The Baytown Sun from Baytown, Texas on July 7, 1956 · Page 2
Get access to this page with a Free Trial
Click to view larger version

The Baytown Sun from Baytown, Texas · Page 2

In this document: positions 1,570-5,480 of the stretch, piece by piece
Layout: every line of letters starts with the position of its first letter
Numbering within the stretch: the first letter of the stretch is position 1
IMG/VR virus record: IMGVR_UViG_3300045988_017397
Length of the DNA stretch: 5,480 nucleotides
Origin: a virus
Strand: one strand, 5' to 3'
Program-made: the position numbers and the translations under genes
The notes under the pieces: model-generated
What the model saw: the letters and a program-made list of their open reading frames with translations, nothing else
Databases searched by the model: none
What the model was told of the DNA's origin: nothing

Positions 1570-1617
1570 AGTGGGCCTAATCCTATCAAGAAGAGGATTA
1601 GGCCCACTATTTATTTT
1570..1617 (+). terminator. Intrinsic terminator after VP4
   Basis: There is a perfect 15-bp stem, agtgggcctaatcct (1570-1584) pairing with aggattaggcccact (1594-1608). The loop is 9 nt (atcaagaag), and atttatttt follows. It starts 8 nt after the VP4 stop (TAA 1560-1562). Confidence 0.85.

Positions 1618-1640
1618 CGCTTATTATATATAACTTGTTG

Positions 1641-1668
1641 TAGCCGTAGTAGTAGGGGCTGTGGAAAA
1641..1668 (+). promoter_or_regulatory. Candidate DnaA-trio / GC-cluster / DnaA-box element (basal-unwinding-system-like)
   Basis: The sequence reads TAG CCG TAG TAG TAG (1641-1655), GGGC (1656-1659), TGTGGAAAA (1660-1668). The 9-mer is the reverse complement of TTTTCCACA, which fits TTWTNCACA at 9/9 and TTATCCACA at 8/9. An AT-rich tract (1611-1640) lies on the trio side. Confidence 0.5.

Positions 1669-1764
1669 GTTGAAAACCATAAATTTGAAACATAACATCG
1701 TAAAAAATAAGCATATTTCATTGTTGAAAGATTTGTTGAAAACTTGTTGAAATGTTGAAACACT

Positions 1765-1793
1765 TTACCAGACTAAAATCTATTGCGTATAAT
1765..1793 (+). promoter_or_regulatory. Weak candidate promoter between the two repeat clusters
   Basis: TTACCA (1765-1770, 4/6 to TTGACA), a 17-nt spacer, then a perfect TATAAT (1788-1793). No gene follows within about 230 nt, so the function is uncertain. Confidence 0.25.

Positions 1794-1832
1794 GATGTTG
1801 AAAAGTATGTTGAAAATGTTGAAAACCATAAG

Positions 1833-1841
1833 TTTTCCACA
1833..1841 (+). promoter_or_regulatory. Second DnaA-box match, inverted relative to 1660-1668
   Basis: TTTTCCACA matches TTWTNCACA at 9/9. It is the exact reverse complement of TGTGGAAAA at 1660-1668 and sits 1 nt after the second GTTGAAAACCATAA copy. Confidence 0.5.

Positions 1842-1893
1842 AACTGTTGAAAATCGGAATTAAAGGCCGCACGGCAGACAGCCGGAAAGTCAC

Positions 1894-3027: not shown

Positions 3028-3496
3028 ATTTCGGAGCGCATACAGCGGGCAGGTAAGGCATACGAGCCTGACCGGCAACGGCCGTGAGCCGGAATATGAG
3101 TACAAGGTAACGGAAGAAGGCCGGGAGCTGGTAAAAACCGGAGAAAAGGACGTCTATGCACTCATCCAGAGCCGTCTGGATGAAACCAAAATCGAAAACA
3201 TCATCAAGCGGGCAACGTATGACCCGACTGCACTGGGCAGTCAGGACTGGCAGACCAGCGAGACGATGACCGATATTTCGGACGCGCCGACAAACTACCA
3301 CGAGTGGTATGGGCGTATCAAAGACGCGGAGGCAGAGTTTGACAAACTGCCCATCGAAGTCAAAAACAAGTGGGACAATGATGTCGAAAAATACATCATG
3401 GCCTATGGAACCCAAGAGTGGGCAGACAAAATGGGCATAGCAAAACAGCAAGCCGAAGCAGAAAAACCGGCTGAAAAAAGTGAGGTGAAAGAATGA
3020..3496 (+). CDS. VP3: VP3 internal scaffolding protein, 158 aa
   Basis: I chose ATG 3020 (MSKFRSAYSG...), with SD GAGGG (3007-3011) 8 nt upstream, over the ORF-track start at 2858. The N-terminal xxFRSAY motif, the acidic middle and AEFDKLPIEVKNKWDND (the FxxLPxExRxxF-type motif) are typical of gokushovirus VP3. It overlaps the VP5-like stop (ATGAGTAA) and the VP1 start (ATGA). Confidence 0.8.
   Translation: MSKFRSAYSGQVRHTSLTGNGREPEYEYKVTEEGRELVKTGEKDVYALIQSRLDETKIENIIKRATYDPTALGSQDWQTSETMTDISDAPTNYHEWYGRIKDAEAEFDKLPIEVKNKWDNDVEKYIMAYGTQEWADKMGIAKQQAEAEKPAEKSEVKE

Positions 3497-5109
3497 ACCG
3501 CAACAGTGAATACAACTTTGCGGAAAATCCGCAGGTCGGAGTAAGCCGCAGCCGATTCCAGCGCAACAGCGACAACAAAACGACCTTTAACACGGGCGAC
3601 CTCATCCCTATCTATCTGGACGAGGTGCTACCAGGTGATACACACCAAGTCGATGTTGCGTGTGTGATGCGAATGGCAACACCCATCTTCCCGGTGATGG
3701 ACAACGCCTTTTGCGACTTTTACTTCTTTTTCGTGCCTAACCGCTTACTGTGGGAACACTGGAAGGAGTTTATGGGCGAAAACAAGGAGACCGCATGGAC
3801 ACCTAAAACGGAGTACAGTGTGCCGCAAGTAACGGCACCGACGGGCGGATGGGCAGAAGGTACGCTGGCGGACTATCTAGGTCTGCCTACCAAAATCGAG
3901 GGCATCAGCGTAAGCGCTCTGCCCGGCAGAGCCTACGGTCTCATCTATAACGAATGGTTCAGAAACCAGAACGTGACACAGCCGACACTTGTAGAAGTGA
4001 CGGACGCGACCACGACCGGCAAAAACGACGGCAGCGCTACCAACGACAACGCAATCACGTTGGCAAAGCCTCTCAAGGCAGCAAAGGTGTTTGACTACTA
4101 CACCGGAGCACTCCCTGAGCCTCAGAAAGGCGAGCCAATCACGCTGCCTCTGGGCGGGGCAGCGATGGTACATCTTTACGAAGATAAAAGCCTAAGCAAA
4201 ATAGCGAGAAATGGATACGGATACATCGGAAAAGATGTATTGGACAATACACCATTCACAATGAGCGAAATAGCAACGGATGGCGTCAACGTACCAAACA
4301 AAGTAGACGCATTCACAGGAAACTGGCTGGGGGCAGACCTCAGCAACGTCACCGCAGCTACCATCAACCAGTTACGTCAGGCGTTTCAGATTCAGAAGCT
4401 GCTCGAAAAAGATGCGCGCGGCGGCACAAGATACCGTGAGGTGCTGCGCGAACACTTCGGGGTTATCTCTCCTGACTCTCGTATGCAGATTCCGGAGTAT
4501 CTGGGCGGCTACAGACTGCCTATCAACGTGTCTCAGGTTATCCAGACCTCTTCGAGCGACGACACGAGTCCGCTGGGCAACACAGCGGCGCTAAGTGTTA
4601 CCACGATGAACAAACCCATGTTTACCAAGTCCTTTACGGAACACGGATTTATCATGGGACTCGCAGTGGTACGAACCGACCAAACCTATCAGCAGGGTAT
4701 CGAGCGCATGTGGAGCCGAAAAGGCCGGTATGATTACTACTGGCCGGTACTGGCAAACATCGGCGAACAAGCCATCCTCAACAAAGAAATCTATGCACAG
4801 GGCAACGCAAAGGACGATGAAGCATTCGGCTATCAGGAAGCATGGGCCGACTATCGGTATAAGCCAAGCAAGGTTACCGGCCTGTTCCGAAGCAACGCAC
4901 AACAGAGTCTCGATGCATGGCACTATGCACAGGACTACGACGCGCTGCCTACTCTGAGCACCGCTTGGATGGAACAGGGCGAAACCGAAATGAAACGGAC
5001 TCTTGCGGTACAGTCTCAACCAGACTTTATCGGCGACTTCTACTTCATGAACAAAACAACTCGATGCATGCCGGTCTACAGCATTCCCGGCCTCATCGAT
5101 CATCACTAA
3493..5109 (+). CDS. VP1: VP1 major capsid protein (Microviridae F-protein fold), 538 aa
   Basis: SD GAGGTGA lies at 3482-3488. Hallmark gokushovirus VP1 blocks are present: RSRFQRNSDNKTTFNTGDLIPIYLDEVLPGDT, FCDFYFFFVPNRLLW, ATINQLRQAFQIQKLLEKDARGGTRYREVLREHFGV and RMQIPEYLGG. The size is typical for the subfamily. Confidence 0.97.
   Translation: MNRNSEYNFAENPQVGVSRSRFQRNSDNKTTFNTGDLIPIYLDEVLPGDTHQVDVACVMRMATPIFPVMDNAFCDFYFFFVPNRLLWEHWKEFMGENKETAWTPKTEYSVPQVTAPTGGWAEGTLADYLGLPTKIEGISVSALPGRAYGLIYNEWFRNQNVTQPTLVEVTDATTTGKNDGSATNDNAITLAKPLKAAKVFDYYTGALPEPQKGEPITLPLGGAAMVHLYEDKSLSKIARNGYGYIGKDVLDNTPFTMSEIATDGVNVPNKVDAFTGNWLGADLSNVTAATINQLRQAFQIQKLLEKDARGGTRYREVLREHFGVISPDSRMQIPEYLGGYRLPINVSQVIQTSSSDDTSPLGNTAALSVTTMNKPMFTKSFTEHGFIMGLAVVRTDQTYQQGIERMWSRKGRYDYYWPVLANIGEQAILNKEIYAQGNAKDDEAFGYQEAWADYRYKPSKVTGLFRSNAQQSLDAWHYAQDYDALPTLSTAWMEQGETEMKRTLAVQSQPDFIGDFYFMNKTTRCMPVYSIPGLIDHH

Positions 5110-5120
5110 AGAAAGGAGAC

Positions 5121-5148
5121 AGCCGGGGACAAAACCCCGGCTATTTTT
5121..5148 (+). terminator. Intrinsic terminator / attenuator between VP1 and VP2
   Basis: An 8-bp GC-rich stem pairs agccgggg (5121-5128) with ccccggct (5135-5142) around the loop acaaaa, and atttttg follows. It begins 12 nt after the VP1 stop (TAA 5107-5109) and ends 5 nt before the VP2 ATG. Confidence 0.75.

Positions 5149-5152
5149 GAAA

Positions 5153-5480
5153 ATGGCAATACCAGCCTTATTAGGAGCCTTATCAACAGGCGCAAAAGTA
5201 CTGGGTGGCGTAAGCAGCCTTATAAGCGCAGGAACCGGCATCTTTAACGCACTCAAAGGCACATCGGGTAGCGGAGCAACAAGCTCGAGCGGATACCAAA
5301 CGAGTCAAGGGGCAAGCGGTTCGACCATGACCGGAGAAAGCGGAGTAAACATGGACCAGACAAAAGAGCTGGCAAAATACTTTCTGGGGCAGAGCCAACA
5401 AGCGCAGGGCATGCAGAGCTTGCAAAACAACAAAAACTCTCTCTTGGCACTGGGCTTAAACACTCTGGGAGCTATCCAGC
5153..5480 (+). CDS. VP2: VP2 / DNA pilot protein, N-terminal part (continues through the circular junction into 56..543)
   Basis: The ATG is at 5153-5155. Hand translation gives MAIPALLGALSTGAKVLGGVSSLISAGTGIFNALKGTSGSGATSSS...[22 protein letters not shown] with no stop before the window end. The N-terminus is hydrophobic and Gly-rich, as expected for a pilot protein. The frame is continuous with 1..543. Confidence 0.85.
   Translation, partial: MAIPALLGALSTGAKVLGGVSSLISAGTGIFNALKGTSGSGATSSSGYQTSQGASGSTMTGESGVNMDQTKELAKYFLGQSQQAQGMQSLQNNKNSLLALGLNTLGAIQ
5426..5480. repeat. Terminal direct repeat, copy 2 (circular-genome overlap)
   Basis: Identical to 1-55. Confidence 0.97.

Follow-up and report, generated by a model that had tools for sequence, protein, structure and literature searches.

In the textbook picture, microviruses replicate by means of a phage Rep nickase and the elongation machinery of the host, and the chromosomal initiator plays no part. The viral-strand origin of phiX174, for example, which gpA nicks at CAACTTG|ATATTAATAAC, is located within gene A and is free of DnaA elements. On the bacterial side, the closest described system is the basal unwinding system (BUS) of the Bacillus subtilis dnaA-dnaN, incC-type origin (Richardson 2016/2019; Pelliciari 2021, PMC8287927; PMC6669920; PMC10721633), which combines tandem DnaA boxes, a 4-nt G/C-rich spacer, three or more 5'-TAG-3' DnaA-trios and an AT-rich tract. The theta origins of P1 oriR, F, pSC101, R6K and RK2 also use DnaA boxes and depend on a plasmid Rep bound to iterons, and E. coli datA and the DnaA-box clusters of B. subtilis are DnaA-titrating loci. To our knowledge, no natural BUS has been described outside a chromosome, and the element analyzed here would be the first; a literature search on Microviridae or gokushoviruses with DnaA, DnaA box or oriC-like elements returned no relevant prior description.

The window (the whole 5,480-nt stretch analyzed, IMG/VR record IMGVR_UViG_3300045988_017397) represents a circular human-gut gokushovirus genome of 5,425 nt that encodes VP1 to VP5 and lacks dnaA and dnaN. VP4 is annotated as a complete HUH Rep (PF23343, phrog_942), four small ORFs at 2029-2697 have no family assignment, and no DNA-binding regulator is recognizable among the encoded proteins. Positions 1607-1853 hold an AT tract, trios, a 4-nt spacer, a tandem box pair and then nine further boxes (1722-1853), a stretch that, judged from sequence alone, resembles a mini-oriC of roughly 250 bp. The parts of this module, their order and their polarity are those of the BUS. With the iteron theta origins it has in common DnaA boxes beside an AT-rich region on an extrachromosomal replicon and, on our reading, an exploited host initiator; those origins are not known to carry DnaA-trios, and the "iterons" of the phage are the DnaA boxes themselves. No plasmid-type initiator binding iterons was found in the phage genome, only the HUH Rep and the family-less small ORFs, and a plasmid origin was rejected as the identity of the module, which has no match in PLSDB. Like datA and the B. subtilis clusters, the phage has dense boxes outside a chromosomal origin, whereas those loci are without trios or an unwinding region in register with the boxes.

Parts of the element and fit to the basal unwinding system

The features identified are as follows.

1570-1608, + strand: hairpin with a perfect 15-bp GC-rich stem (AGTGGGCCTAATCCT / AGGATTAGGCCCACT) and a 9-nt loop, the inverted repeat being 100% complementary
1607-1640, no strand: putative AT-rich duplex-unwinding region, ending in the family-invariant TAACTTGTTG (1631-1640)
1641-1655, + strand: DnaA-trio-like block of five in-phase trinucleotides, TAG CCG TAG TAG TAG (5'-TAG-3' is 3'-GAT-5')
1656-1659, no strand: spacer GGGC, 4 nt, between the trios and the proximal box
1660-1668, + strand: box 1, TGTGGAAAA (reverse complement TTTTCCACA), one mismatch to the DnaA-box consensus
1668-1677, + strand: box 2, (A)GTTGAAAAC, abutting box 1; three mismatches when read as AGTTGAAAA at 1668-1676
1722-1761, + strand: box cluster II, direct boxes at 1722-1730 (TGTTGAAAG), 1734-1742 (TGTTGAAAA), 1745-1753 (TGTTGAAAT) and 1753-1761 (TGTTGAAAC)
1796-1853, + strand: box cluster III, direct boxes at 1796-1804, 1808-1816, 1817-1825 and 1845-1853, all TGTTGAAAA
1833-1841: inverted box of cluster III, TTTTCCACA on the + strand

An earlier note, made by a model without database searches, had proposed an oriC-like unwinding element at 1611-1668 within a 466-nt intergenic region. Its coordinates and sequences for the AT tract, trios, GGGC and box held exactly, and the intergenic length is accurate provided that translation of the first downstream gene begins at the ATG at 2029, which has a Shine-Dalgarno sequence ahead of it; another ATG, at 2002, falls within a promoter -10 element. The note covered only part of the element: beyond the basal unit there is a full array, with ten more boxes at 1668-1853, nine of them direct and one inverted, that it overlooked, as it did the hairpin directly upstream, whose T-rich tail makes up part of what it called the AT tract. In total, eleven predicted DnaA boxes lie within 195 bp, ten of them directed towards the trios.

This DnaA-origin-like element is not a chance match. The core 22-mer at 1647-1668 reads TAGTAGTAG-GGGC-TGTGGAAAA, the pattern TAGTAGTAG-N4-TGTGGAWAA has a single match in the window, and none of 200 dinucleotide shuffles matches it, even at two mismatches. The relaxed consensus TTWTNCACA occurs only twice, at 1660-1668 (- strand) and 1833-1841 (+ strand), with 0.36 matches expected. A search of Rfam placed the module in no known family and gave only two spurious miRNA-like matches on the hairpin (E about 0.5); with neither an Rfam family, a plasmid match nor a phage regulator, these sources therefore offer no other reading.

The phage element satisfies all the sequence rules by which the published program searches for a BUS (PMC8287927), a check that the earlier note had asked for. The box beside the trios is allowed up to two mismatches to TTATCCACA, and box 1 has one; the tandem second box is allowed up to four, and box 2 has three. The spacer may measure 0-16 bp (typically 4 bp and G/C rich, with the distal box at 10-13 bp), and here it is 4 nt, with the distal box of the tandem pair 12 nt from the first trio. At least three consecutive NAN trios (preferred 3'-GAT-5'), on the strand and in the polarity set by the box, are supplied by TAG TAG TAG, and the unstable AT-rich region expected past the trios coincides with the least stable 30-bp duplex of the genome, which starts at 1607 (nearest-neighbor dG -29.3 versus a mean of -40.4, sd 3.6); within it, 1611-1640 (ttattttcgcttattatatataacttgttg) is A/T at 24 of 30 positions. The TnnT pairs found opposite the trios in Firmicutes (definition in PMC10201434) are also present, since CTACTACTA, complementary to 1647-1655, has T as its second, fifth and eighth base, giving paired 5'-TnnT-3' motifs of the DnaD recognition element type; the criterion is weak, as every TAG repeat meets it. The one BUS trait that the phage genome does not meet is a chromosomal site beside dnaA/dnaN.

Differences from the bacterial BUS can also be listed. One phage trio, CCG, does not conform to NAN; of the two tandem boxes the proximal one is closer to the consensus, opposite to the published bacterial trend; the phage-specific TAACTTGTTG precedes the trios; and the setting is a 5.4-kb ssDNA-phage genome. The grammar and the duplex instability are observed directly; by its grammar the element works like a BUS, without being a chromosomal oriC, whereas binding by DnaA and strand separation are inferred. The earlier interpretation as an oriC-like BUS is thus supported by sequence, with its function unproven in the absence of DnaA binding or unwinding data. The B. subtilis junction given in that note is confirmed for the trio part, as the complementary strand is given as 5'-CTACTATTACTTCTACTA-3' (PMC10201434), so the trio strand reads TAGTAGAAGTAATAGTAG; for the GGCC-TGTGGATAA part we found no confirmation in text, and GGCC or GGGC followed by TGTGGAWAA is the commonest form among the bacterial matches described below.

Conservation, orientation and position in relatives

Baytown, Texas
Issue Date:
Saturday, July 7, 1956
Page 2
Start Free Trial

Page 2 article text (OCR)